Testing, testing…is this thing on? More often than not, a company’s blog becomes an afterthought for an organization. Content managers rush to get posts out to announce upcoming webinars, maintain a deluge of articles for SEO’s sake, or worse: simply publish content to check something off the to-do list to “keep busy.”
But we all know that more content isn’t synonymous with better content. Instead, it’s all about writing the right type of content that is delivered to the right customer at the right time. In order to understand how to make your content relevant and effective, the days of blog-as-afterthought must end.
Instead, use your blog as an incredibly powerful tool for your B2B marketing strategy.
You should think of your blog as a testing ground or laboratory for your company. By carefully looking at engagement and analytics, you can gain incredible insight into who your audience is, what they want, and how you can persuade them to go from a reader into a life-long customer.
Here are five ways you can use your blog as a testing ground to pull more people into your funnel and watch your brand awareness soar. The first two tips are centered around looking at the right metrics so you have a more accurate idea of how your blog is performing. The latter three are things you can start testing today!
1. Start with the numbers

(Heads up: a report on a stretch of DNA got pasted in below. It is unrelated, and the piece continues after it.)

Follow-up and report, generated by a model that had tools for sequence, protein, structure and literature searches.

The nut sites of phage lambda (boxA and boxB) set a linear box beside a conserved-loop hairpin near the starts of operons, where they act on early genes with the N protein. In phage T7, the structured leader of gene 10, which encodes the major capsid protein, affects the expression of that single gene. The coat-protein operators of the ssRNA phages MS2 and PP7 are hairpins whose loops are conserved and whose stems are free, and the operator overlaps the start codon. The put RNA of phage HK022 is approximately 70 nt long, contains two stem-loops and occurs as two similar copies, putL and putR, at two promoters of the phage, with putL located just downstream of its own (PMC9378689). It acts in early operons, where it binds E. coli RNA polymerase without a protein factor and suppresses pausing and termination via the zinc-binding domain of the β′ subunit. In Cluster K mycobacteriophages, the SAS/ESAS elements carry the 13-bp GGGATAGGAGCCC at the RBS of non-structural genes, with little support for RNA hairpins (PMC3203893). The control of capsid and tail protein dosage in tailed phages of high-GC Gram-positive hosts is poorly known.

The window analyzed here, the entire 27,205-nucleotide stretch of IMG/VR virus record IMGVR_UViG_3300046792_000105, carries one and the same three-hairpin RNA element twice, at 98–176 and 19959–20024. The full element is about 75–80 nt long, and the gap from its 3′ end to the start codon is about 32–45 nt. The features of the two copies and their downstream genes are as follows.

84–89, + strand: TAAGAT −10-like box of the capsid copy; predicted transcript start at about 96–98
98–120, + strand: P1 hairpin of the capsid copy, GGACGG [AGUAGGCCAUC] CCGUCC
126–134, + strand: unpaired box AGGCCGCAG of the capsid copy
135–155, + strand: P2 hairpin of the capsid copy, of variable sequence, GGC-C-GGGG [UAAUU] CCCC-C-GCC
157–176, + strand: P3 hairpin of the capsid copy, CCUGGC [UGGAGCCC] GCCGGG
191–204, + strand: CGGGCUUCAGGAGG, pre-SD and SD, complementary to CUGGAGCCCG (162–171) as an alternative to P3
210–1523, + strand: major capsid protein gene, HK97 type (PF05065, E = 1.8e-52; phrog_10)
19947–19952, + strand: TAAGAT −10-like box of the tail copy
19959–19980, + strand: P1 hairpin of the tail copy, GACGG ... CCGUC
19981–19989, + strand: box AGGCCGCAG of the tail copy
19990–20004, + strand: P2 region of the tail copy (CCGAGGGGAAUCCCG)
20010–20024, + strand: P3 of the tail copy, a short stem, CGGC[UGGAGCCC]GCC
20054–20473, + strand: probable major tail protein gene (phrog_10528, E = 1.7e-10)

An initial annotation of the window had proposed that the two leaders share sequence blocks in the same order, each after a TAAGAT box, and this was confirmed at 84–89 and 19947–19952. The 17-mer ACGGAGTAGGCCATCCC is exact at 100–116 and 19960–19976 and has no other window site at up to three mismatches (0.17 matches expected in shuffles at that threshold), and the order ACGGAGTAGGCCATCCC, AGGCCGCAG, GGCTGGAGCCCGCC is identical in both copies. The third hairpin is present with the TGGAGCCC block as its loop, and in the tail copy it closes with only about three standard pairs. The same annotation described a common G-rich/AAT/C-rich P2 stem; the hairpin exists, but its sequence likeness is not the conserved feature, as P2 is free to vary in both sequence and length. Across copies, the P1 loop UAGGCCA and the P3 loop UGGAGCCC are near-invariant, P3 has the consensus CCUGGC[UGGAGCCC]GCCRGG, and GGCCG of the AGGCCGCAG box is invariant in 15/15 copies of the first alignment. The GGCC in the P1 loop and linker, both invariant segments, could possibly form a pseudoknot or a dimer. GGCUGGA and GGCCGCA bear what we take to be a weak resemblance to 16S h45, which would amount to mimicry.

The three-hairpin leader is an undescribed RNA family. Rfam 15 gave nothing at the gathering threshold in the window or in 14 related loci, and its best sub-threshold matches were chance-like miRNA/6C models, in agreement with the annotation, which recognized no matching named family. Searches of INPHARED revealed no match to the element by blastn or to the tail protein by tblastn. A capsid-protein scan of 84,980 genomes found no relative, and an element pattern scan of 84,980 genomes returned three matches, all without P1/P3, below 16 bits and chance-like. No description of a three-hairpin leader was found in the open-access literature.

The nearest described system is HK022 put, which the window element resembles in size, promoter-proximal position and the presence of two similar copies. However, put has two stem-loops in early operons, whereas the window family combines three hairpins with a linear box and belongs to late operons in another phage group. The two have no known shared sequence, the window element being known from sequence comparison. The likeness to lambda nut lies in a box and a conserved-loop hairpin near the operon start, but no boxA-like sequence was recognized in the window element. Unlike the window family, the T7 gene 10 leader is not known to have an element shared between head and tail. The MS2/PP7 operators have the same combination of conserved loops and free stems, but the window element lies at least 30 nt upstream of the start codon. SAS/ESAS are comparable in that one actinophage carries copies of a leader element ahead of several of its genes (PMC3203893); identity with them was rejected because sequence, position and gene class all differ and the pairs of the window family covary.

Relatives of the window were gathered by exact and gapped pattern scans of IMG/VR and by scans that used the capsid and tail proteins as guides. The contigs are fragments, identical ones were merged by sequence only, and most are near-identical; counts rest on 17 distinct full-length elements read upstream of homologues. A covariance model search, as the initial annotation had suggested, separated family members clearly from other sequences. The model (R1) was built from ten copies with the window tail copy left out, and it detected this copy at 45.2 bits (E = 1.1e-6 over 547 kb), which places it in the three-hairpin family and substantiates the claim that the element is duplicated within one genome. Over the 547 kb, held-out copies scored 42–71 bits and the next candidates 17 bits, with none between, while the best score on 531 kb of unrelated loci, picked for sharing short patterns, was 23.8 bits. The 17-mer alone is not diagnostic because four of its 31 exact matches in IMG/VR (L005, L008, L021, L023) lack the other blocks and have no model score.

Looking at the number of people who read your blog posts can be a good indicator of whether your content is resonating with people. But don’t get too excited; pageviews, while helpful, can often be vanity metrics. Why? Say you have 1,000 pageviews on your latest post. Awesome! Maybe? But what if 90% of those people bounced after a few seconds, meaning they didn’t actually read the post? Or what if nobody even clicked through to the CTA?
Instead of pageviews, I recommend looking at unique visitors (called “Users” in Google Analytics) which tell you how many distinct people have visited your page. This gives you a better picture of your audience volume. From there, look at your returning and new visitor percentage. Depending on your goals, each percentage offers a benchmark for blog performance. A high new visitor percentage means you’re doing a great job opening up the top of the funnel. For returning visits, the higher the number, the more engaged your audience is, since they are clearly coming back for more.
Lastly, look at bounce rate and time on page. This indicates what the person is doing while reading the post (if they’ve even gone that far). How long are they sticking around to read the content? Who’s leaving right away?
2. Look at engagement
Understanding how people are engaging with your content is even more important. Start with your comments. Who’s responding to the post? Are commenters engaging with each other? A great way to stir up comments is to be direct: Request that people comment at the end of the article! Be direct: Ask specific questions, in bold, at the bottom of your page (like I’ve done below).